SilverLining::Matrix4 projM(const_cast<double*>(proj));
SilverLining::Matrix4 invProjM = projM.Inverse();

float fViewM[16];
int i = 0;
for (int row = 0; row < 4; row++) {
for (int col = 0; col < 4; col++) {
fViewM[i++] = (float)(viewM.elem[row][col]);

float fNormalM[16];
i = 0;
for (int row = 0; row < 4; row++) {
for (int col = 0; col < 4; col++) {
fNormalM[i++] = (float)(normalM.elem[row][col]);

float fInvProjM[16];
i = 0;
for (int row = 0; row < 4; row++) {
for (int col = 0; col < 4; col++) {
fInvProjM[i++] = (float)(invProjM.elem[row][col]);

GLuint shader = atm->GetBillboardShader();
SetLandingLightUniforms(shader, landingLights, lightPos, lightDir, fViewM, fNormalM, fInvProjM);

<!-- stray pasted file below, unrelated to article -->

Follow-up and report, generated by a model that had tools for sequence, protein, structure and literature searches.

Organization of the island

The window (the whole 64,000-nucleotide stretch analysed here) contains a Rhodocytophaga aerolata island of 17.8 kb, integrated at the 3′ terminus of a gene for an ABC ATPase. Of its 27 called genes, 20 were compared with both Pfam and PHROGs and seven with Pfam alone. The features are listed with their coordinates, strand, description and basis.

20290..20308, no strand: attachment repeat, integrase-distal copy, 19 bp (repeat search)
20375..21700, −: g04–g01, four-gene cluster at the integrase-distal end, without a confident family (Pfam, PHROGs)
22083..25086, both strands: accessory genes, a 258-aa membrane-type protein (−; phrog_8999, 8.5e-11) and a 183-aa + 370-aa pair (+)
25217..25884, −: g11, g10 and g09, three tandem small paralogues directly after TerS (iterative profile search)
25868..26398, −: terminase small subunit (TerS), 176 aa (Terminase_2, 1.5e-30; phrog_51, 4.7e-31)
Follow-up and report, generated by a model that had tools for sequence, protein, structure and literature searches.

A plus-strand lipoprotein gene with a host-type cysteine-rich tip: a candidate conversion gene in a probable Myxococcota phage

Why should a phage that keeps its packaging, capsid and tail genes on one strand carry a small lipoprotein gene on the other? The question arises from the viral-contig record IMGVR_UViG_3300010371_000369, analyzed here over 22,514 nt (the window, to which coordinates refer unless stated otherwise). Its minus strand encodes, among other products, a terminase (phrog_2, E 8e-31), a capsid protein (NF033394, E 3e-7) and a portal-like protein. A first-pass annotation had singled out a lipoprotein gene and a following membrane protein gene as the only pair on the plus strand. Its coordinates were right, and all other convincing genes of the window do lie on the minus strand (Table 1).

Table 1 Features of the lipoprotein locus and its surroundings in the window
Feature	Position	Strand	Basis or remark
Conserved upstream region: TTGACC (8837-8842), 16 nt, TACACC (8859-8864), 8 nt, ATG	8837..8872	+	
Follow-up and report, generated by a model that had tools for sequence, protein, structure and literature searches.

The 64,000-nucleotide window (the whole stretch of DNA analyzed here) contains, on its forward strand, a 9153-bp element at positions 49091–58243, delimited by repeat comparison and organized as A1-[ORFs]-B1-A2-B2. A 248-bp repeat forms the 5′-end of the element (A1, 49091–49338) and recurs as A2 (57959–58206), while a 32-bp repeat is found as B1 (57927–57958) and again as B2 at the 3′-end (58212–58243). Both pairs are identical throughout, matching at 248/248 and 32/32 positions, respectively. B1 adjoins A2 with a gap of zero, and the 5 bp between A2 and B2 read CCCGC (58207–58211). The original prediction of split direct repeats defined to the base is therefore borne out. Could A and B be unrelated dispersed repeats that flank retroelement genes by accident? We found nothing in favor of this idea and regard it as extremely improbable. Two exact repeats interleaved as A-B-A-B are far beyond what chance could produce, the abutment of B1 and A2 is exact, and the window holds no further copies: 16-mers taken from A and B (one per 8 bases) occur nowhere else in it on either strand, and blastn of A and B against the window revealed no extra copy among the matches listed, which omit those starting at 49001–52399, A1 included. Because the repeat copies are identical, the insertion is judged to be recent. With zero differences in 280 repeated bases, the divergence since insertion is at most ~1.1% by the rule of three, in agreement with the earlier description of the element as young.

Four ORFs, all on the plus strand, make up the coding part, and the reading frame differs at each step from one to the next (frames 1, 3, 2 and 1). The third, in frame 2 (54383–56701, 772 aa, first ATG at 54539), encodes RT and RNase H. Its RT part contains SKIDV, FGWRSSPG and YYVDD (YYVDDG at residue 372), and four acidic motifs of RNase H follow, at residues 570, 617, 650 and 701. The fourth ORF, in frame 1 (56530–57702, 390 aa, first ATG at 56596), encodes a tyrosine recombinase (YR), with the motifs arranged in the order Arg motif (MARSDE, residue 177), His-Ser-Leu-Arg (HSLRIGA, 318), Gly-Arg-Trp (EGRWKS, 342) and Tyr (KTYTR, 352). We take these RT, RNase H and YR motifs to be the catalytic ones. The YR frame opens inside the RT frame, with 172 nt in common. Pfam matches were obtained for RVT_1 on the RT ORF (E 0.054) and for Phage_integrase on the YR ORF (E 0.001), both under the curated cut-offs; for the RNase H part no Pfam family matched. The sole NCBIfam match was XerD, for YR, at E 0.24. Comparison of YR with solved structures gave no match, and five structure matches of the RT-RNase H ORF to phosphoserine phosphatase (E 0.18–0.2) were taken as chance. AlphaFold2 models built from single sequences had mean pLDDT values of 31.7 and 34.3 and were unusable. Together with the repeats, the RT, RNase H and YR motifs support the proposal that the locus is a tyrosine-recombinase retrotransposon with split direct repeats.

// Do the same for planar cloud shaders.
SL_VECTOR(GLuint) planarShaders = atm->GetActivePlanarCloudShaders();
SL_VECTOR(GLuint)::iterator it;
for (it = planarShaders.begin(); it != planarShaders.end(); it++) {
SetLandingLightUniforms(*it, landingLights, lightPos, lightDir, fViewM, fNormalM, fInvProjM);

If you have similar requirements to illuminate SilverLining’s clouds with your own light sources; I hope this saves you some time!

Be careful though – SilverLining is often bound by fill rate, and adding complexity to its fragment programs will only make matters worse. Don’t try to process too many light sources at once on the clouds, as it may affect performance. Cull out any light sources that aren’t close enough to affect the clouds in the current view before sending them to the shaders, or consider alternate schemes like Forward-Plus lighting (that’s how MUSE OpenIG does it!)